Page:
Anxiety is Painful, Nadi Shodhana Can Help

Written by: Ruthie Hanan

I know I don’t even need to say it, but boy is it a crazy time.  None of us have ever experienced anything like what our world is currently going through with the coronavirus. Those who have never experienced anxiety are likely to now experience it, and those who have suffered before are prone to extra suffering.  Now is a time where we need to use all the tools we know of to calm the body and, therefore, the mind.  As crazy as this all is, this too shall pass, and I am confident this will make us stronger.  Nadi Shodhana, or alternate nostril breathing, is always in my toolbet when it comes to anxiety.  It’s a pranayama used to balance the sides of the body, our nadis. Our left side (ida) is home to our yin, cool, feminine, and receiving energy; our right side (pingala) is yang, fire, masculine, and giving energy.  When we experience anxiety, quite often there is an imbalance in the energies in our body.  The calming and balancing effects of this can be felt immediately after practicing, along with benefits of a consistent practice including improving focus, supporting lungs and respiratory functions, removing toxins, and rejuvenating nervous system. This pranayama can be practiced by sitting comfortably with a straight spine and taking the following steps:

  1. Bring your pointer finger and middle finger on your right hand to rest between your eyebrows.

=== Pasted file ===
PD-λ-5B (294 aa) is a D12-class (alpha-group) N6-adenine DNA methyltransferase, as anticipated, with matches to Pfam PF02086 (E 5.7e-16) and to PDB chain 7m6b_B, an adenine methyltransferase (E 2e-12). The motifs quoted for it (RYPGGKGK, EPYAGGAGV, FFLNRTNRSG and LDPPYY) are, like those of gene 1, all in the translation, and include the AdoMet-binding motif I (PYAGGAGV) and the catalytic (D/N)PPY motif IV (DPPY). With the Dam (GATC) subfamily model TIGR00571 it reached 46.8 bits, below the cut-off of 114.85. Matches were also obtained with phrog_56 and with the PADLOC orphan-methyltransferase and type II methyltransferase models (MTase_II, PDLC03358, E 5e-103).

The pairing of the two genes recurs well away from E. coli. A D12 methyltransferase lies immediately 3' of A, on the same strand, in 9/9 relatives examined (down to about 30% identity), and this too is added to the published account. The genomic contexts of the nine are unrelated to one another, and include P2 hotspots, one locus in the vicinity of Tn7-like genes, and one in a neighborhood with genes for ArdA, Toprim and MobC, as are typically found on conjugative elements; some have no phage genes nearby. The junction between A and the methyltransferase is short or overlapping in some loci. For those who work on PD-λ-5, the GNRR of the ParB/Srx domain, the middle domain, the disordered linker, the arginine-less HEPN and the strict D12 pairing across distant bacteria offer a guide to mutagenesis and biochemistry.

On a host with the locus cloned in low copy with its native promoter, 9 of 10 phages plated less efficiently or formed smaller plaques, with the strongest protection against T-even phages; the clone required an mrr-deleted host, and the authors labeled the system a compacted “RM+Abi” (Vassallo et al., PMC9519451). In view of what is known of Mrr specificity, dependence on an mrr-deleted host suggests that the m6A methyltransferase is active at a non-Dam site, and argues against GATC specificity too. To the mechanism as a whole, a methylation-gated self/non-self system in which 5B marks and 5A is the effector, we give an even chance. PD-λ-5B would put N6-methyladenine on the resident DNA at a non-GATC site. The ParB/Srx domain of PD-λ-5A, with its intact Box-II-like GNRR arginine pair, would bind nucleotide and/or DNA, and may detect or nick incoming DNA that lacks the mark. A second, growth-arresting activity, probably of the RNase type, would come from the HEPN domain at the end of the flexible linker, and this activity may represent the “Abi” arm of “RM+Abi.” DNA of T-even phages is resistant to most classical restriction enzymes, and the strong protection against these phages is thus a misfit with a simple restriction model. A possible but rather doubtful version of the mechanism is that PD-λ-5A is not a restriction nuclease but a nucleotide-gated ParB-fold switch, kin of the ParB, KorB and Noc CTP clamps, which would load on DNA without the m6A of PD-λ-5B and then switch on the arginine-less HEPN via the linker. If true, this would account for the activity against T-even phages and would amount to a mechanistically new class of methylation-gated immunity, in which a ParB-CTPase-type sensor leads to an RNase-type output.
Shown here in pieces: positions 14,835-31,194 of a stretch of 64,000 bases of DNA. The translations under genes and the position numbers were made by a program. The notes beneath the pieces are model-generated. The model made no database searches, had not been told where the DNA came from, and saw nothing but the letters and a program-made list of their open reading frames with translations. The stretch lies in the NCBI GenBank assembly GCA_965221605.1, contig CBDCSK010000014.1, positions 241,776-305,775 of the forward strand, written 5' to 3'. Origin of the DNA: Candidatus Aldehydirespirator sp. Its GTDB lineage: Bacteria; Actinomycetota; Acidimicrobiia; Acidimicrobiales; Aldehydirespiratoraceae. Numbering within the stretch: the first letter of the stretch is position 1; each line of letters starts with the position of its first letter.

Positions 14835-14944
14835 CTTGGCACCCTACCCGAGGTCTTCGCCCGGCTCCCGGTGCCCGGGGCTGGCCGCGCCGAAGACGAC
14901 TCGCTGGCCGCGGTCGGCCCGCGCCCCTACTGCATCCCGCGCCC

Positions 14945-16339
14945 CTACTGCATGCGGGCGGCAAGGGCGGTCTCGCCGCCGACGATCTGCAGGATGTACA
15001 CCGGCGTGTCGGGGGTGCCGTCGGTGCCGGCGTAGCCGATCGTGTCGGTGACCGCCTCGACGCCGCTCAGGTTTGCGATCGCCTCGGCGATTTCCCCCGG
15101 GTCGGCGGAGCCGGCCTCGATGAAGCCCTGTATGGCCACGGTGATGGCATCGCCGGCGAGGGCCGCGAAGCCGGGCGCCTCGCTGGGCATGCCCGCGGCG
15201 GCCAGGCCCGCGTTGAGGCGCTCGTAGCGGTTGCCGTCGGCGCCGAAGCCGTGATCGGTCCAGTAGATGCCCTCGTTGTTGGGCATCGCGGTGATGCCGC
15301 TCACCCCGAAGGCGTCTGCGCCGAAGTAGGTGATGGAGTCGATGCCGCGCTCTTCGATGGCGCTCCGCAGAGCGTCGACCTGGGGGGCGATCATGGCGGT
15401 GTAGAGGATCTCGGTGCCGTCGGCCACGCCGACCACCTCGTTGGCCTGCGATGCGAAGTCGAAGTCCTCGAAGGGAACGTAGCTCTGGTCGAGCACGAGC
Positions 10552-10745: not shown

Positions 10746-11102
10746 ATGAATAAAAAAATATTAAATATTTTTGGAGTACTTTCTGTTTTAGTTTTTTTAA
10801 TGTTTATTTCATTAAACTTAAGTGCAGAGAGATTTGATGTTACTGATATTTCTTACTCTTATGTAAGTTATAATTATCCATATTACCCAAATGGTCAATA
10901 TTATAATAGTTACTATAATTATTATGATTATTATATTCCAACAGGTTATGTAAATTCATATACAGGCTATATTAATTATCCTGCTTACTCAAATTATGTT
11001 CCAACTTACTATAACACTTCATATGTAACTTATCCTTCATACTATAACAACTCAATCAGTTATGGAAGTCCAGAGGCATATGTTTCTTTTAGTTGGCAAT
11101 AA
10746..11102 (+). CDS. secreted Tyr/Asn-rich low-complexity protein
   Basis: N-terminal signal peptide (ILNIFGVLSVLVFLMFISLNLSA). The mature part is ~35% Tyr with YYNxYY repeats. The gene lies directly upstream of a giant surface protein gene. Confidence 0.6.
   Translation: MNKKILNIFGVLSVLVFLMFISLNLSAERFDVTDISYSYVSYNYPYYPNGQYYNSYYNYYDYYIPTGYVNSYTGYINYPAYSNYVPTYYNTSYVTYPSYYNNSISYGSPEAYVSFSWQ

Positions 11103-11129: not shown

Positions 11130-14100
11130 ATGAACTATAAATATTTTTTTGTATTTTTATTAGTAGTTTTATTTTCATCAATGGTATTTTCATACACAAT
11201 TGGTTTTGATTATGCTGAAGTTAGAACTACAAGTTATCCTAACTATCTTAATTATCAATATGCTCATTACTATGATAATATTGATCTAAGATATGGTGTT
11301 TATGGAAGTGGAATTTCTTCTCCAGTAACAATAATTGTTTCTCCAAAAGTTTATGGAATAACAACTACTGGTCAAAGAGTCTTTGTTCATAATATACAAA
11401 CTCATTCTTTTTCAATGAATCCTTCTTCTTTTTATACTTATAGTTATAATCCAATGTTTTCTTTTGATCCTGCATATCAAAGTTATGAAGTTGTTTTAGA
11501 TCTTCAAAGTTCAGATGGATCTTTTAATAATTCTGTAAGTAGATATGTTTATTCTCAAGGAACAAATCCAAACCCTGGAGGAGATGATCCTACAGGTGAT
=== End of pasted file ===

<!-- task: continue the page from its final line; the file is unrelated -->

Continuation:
2. Close your eyes and take a deep cleansing breath in and out through your nose.
  3. Close your right nostril with your right thumb and inhale through the left nostril slowly and steadily.
  4. At the top of your inhale, close the left nostril with your ring finger so both nostrils are held closed; retain your breath at the top of the inhale for a brief pause.
  5. Open your right nostril and release the breath slowly through the right side; pause briefly at the bottom of the exhale.
  6. With left nostril still closed, inhale back through the right side slowly.
  7. Hold both nostrils closed briefly (with ring finger and thumb).
  8. Open your left nostril and release breath slowly through the left side, pausing for a moment at the bottom of your exhale.
  9. Repeat these steps for 5-10 cycles, keeping attention on the air entering and exiting each nostril.

I hope this can be of service to you and give you moment of calm within this storm.  Keep breathing and namaste!